Raynaud's Phenomenon - Treatments

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What is the treatment for Raynaud's phenomenon?

Management of Raynaud's phenomenon involves preventing the spasm of the blood vessels by protecting the fingers and the toes from cold, trauma, and infection. Medications that can aggravate blood vessel spasm should be avoided by patients with RP. In patients with persistent symptoms, medications that dilate the blood vessels can be administered.

Patients with Raynaud's phenomenon who have no symptoms other than the color changes of extremities may require only measures to prevent complications. Prevention measures are important in primary and secondary RP regardless of the severity. Simple initial care involves keeping the body warm, especially the extremities. Warm clothing in colder environments is essential. Cotton gloves can be helpful while searching the freezer. Headwear can help the body retain heat by minimizing heat dissipation. Room temperatures should not be too cool. Rubber gloves protect the hands and prevent cooling while washing dishes. Barefoot walking should be minimized. Compression of the blood vessels by tight-fitting wrist bands, rings, or footwear should be avoided.

Note: Some energy companies offer some discounts on utility bills for those who suffer from Raynaud's phenomenon because of the additional heating requirements.

Those with RP should guard their hands and feet from direct trauma and wounds. Any wounds or infections should be treated early to prevent more serious infections. Avoiding emotional stresses and tools that vibrate the hand may reduce the frequency of attacks. Biofeedback can also help to decrease the severity and frequency of RP in some patients.

Direct and indirect (passive or secondhand smoke) smoking should be avoided by patients with RP. The chemicals in tobacco smoke can cause blood-vessel constriction and lead to atherosclerosis (hardening of the arteries), which can further impair oxygen supply to the extremities.

Care of the nails must be done carefully to avoid injuring sensitive toes and fingertips. Ulcers on the tips of the digits should be monitored closely by the doctor. These can become infected. Gently applied finger splints are used to protect ulcerated areas. Ointments that open the blood vessels (nitroglycerin ointment) are sometimes used on the sides of severely affected digits to allow increased blood supply and healing.

Patients with persistent or bothersome symptoms may be helped by taking oral medications that open (dilate) blood vessels. (Sometimes these medications are decreased or eliminated when the environment is warmer, such as during summer months.) These include calcium antagonists, such as diltiazem (Cardizem, Dilacor), nicardipine (Cardene), nifedipine (Procardia), and other medicines used in blood pressure treatment, such as methyldopa (Aldomet) and prazosin (Minipress). Recent research has shown that the blood-pressure drug losartan (Cozaar, Hyzaar) can reduce the severity of episodes of RP.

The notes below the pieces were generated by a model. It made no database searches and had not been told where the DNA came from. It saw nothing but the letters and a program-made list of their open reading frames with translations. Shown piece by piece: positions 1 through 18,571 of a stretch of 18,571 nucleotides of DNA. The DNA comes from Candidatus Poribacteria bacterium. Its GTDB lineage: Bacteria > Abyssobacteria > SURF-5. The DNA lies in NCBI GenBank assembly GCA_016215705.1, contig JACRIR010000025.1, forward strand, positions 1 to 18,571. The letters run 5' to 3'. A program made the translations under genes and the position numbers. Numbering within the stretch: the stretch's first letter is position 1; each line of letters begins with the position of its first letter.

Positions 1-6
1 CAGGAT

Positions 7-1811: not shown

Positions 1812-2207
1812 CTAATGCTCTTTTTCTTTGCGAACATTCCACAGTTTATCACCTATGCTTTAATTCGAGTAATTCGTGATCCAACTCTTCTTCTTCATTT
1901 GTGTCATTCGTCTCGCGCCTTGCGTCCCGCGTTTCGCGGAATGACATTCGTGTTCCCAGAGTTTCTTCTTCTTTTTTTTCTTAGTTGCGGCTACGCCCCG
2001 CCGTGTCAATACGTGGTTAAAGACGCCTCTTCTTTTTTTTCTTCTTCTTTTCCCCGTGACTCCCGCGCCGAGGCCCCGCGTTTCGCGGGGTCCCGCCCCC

Medications that thin the blood, such as low doses of aspirin or dipyridamole (Persantine), are sometimes helpful.

Some patients with persistent symptoms can benefit by adding a medication called pentoxifylline (Trental), which makes the red blood cells more pliable and thereby improving circulation.

Severe RP can lead to gangrene and the loss of digits. In rare cases of severe disease, nerve surgery called "sympathectomy" is sometimes considered. In this procedure, to prevent blood-vessel spasm, the nerves that stimulate the constriction of the vessels (sympathetic nerves) are surgically interrupted. Usually, this is performed during an operation that is localized to the sides of the base of the fingers at the hand. Through small incisions, the tiny nerves around the blood vessels are stripped away. This procedure is referred to as a digital sympathectomy.

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See what others are saying

Comment from: Hopeful123, 45-54 Female (Patient) Published: March 12

I have had Raynaud's disease since I was 14. I have been suffering mainly due to freezing and pain in my hands and foot until now. Last two years I have developed painful red bleeding spots on the balls of the toes which turn blue to blackish. They burn without any warning or pattern. The skin peels around them and now I am being treated with nifedipine everyday along with aspirin. My blood tests have not changed but my symptoms have worsened. I wonder if peeling of the skin in sole of the foot around the bleeding spots mean healing, or if the condition is worsening. The burning remains for about 10 to 12 minutes and is unbearable.

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Comment from: sweeties mom, 55-64 Female (Patient) Published: March 17

I've had Raynaud's phenomenon for approximately 15 years, diagnosed by my doctor purely by accident. I upped my daily intake of coffee when I happened to read an article about coffee lessening the symptoms, and sure enough, my symptoms dramatically decreased! Now, only the tip of my middle finger turns white, and it has to be extremely cold. I only had one bad incident this year when I had to go to jury duty. The stress of it turned all my digits numb. It took about 2 minutes of hot water running over them to bring them back. My feet used to go numb on the bottom also, but not anymore.

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